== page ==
Hogan: Nursing Home Indoor Visiting Allowed; Childcare Can Operate Full Capacity

Gov. Larry Hogan announced during a news conference Thursday that Maryland has reached a new milestone since the start of the coronavirus pandemic. For the first time since March 28, Hogan said Maryland is reporting zero coronavirus deaths.

Nursing Home Indoor Visiting Now Allowed

As Maryland is in its third recovery phase—but Montgomery County is still in phase two—the state is looking to bring normalcy to nursing homes. In June, nursing homes were allowed some outdoor visiting, but now—effective immediately—nursing homes in Maryland can resume indoor visits as long as the nursing home hasn’t experienced any new coronavirus cases in 14 days.

Hogan said the decision was made because of advances in rapid testing. Maryland secured 250,000 rapid antigen tests through an interstate testing compact. Hogan said that next week all 227 nursing homes in Maryland will receive the initial allocation of their rapid testing supplies.

Overall, Hogan says the state of Maryland has provided nursing homes with $102 million in emergency funds for personal protective equipment and testing. The state will allocate $6 million additional funds to test nursing home staff for the coronavirus Hogan said.

Officials from Montgomery County government have not received a statement commenting on Hogan’s announcement about nursing home visitations.

Childcare Centers Can Operate at Full Capacity

State Superintendent of Schools Dr. Karen Salmon announced that childcare centers in Maryland can now operate at the full teacher-student capacity for which they are licensed.

“At this time more than 82% of childcare providers have reopened,” Salmon said.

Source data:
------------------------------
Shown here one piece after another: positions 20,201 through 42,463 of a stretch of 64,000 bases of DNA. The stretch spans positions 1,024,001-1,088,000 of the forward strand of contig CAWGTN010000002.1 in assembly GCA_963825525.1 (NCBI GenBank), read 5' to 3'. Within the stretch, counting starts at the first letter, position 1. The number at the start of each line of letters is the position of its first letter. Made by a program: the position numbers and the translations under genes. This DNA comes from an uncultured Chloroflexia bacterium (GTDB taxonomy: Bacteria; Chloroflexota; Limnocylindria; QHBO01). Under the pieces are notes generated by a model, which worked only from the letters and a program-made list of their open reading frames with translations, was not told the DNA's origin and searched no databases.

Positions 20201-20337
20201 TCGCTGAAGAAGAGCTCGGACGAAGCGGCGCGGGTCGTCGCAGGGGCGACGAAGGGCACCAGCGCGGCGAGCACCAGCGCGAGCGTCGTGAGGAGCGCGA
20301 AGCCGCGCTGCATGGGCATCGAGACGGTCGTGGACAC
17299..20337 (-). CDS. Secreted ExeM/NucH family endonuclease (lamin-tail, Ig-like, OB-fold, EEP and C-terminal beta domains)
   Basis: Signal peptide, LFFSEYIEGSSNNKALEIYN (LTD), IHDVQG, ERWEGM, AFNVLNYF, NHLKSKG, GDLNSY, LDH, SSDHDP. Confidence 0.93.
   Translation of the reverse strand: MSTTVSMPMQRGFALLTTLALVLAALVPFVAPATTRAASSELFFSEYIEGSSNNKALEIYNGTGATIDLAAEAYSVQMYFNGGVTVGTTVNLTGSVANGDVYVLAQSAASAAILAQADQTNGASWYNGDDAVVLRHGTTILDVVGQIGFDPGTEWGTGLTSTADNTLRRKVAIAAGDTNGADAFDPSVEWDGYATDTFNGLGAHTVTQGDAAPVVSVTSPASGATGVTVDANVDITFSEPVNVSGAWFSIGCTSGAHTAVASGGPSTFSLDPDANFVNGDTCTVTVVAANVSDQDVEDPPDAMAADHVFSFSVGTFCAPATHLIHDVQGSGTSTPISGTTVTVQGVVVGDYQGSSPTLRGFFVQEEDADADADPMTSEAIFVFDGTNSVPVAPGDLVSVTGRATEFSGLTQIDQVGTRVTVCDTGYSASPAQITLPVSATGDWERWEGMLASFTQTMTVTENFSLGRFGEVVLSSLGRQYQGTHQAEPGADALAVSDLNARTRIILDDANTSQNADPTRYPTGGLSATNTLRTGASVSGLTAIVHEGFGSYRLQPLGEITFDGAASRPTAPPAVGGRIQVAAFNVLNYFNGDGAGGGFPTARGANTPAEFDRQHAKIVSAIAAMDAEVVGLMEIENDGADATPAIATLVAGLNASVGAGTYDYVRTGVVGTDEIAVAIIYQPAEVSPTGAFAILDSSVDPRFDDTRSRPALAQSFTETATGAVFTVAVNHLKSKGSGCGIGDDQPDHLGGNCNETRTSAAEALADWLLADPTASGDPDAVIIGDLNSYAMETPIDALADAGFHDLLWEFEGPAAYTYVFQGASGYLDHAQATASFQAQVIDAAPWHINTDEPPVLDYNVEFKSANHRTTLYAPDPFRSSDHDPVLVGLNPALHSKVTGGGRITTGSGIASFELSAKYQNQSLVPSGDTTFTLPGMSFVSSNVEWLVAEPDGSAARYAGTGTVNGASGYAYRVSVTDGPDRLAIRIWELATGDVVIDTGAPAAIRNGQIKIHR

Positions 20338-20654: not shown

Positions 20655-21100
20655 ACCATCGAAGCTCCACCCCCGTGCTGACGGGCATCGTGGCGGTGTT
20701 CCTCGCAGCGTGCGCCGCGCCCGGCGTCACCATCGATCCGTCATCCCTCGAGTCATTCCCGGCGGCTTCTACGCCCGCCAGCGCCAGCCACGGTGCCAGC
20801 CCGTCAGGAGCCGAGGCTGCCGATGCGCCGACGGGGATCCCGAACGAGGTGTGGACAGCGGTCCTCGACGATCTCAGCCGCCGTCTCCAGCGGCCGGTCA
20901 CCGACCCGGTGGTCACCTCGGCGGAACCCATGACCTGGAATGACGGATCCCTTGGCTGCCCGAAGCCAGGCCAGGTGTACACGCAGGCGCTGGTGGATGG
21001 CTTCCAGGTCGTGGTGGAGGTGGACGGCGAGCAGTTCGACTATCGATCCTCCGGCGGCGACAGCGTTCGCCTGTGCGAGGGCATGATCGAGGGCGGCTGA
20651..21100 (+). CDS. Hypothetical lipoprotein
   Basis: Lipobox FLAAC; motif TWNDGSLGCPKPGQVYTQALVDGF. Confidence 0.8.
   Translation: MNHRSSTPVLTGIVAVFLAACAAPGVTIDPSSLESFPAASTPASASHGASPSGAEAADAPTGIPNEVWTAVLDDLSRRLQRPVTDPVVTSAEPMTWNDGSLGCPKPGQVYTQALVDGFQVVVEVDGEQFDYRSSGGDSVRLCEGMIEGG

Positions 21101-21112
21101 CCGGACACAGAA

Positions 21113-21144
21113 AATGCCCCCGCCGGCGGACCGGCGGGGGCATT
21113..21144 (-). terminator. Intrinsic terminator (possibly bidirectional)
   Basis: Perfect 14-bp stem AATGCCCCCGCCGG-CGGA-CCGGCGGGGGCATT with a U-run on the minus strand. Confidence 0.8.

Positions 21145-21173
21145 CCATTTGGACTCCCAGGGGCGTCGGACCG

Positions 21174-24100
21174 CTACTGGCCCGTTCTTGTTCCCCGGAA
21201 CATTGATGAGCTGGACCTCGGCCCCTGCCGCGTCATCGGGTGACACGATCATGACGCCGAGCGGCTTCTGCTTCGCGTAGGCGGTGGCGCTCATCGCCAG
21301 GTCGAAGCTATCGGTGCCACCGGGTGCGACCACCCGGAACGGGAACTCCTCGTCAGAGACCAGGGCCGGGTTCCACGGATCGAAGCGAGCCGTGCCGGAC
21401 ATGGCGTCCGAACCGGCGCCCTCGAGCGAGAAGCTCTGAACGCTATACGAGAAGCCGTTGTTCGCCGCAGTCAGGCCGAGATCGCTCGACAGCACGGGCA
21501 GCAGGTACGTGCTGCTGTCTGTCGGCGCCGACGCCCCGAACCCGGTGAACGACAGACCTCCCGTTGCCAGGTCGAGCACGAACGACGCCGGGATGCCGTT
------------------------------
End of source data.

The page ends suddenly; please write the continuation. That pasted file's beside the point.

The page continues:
A statement from Maryland Department of Education says the “announcement means that child care centers can now serve up to 20 three- and four-year olds in a room with a ratio of 1 teacher to 10 students and up to 30 school-age students with a ratio of 1 teacher to 15 students.”

Reopened childcare programs can receive a grant of $800 for family childcare providers and $1,600 for center-based childcare providers. These grants are available through Oct. 31. The Maryland Department of Education is also providing $1,000 in start-up grants for eligible new childcare businesses.

Montgomery County government officials have not released a statement about these announcements from the state superintendent.

Additional Information From Hogan’s News Conference

Here’s everything else Hogan talked about at Thursday’s news conference:

  • Since the flu season is coming, Hogan encouraged all Marylanders to make sure they receive their annual flu shot. He added that the state has worked with hospitals to prepare for a surge in patients with coronavirus and the flu.
  • Hogan says the state has used close to 270,000 of the South Korean test kits.
  • Hogan said progress is being made on the purple line, but the state will be moving forward with a different construction company. This may cause delays in the project’s timeline.
  • Hogan said the state is planning for a potential surge in coronavirus cases in the fall. “We’re doing better than most states all across the country,” Hogan said. “I wouldn’t say we’re not concerned about the potential surge in the fall.”
  • Hogan blamed teachers unions—not teachers—for some schools’ delayed return to the classrooms. “They don’t want to go back really ever [or until there’s a vaccine],” Hogan said of teacher unions.
  • “Testing as a screening tool for schools is not needed,” Dr. Jinlene Chan from Maryland Health Department said in regards to testing in schools.
  • “It was just a trainwreck,” Hogan said of the presidential debate between Donald Trump and Joe Biden this week. “I could barely watch it.”

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